Summary: Being reborn into the Uchiha clan before the massacre was a one-way ticket to disaster.
Chapter 1: Rebirth
I wasn't sure exactly when I became aware. It wasn't sudden like waking up. It was more like dreaming. My sense of touch came first, my face, my lips, my nose. Then I felt other things, like a body but not. I couldn't move.
I slept, I think. I wasn't sure how much time passed or even if time was passing at all. I was aware and not.
I had fingers. When did that happen? I flexed my hand, the movement ungainly and awkward. I had feet too. I kicked once, just to test the muscles, but the movement was hindered, like I was in a thick, elastic bag.
There was warmth or maybe sound. But not. It wasn't heat exactly, but that was the closest comparison I could make. It was all around me, like a curtain of white noise. And it was inside me. It ebbed and flowed like water, and I found that if I paid particular attention, I could move it back and forth. It was like a game, pushing and pulling the warmth from my chest into my toes.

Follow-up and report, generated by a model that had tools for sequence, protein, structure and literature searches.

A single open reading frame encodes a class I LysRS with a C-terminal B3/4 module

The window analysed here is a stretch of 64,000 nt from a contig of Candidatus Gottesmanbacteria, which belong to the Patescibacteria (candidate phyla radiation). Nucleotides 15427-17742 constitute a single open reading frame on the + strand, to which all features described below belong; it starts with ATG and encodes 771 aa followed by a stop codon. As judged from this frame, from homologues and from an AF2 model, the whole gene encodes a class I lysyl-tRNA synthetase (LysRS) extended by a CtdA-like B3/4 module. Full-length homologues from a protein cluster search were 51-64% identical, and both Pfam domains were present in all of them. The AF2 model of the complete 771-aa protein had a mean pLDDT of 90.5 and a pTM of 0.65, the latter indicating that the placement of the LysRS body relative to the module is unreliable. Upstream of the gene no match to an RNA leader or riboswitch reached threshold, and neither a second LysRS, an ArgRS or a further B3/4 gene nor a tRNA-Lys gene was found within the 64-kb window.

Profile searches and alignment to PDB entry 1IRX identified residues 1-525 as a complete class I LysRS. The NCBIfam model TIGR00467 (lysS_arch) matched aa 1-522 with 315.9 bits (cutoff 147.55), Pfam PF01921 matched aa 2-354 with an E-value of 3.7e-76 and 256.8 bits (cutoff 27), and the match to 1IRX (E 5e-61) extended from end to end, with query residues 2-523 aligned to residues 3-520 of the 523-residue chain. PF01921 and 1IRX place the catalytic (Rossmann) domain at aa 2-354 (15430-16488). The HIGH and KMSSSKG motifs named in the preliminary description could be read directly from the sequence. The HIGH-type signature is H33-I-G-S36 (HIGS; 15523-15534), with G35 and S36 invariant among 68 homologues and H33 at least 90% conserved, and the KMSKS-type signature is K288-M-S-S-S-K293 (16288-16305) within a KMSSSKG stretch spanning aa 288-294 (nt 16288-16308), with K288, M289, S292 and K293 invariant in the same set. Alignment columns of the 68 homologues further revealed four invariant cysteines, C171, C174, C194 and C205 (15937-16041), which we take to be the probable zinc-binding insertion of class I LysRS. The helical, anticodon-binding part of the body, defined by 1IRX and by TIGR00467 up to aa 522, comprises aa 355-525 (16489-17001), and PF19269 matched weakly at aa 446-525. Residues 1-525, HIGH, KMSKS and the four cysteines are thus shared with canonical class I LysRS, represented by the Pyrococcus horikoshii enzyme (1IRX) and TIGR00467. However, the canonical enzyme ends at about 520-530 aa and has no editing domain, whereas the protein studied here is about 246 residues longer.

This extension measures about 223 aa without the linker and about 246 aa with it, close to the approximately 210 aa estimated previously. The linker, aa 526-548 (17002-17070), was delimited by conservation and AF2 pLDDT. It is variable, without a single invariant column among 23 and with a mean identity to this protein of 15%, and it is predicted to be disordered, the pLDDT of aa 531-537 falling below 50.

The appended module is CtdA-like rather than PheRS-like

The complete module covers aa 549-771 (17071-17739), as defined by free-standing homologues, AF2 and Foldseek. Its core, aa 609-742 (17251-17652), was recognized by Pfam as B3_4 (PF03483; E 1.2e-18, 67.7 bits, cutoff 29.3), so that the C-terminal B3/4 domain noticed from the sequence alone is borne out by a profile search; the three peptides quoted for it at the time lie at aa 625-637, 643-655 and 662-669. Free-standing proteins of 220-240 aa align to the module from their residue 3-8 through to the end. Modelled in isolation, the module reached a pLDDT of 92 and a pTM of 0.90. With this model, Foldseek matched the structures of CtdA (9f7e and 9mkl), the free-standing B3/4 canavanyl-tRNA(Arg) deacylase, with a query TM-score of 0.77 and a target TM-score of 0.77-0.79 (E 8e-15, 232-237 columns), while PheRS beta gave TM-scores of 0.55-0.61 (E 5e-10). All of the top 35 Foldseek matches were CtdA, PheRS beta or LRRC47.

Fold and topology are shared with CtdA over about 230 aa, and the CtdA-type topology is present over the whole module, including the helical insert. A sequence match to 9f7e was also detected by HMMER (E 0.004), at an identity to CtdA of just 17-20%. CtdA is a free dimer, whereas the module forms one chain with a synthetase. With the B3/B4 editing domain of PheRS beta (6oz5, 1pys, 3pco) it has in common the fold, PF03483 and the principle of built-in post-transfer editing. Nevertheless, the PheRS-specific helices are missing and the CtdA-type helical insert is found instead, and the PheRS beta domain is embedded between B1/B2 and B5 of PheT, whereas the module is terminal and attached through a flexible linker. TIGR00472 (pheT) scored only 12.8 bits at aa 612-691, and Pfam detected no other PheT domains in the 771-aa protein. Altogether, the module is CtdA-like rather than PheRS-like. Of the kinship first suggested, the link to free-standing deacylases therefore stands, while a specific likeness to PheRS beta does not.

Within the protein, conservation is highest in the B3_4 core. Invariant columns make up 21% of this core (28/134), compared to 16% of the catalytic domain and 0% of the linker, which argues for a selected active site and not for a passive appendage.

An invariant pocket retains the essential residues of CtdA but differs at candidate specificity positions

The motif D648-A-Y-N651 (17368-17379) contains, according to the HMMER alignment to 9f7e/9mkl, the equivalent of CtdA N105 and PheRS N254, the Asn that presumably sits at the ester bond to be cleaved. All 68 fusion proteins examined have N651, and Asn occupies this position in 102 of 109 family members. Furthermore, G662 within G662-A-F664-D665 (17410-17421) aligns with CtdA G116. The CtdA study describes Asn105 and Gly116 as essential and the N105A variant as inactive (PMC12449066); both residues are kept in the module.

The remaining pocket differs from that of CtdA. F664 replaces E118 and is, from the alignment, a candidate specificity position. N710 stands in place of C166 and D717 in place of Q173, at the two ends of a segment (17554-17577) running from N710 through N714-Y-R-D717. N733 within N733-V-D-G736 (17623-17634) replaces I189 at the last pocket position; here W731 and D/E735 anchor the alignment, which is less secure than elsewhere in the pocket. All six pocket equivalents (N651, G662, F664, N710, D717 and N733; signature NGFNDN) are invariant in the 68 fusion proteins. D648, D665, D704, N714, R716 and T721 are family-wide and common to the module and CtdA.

But it was also tiring.
I was so tired.
I could move more easily. I kicked and reached out often, seeking anything in the dark.
But there was nothing. I settled back eventually.
And I slept.
And then I was awake.
The warmth, which had, up until this point, been a pleasant stream, surged like a burst dam, the sudden violence nearly scalding me. I reached out for nothing, the warmth crackling life fire, like lightning all around me.
I kicked. But the warmth still pulsed and crackled. It no longer flowed into me in a steady stream. No, it flowed around me. And I was suddenly tired.
So, so tired.
I was cold.
I had eyes. Of course I had eyes.
But something was wrong. Everything was blurry.
Why had it taken so long to remember that I could see?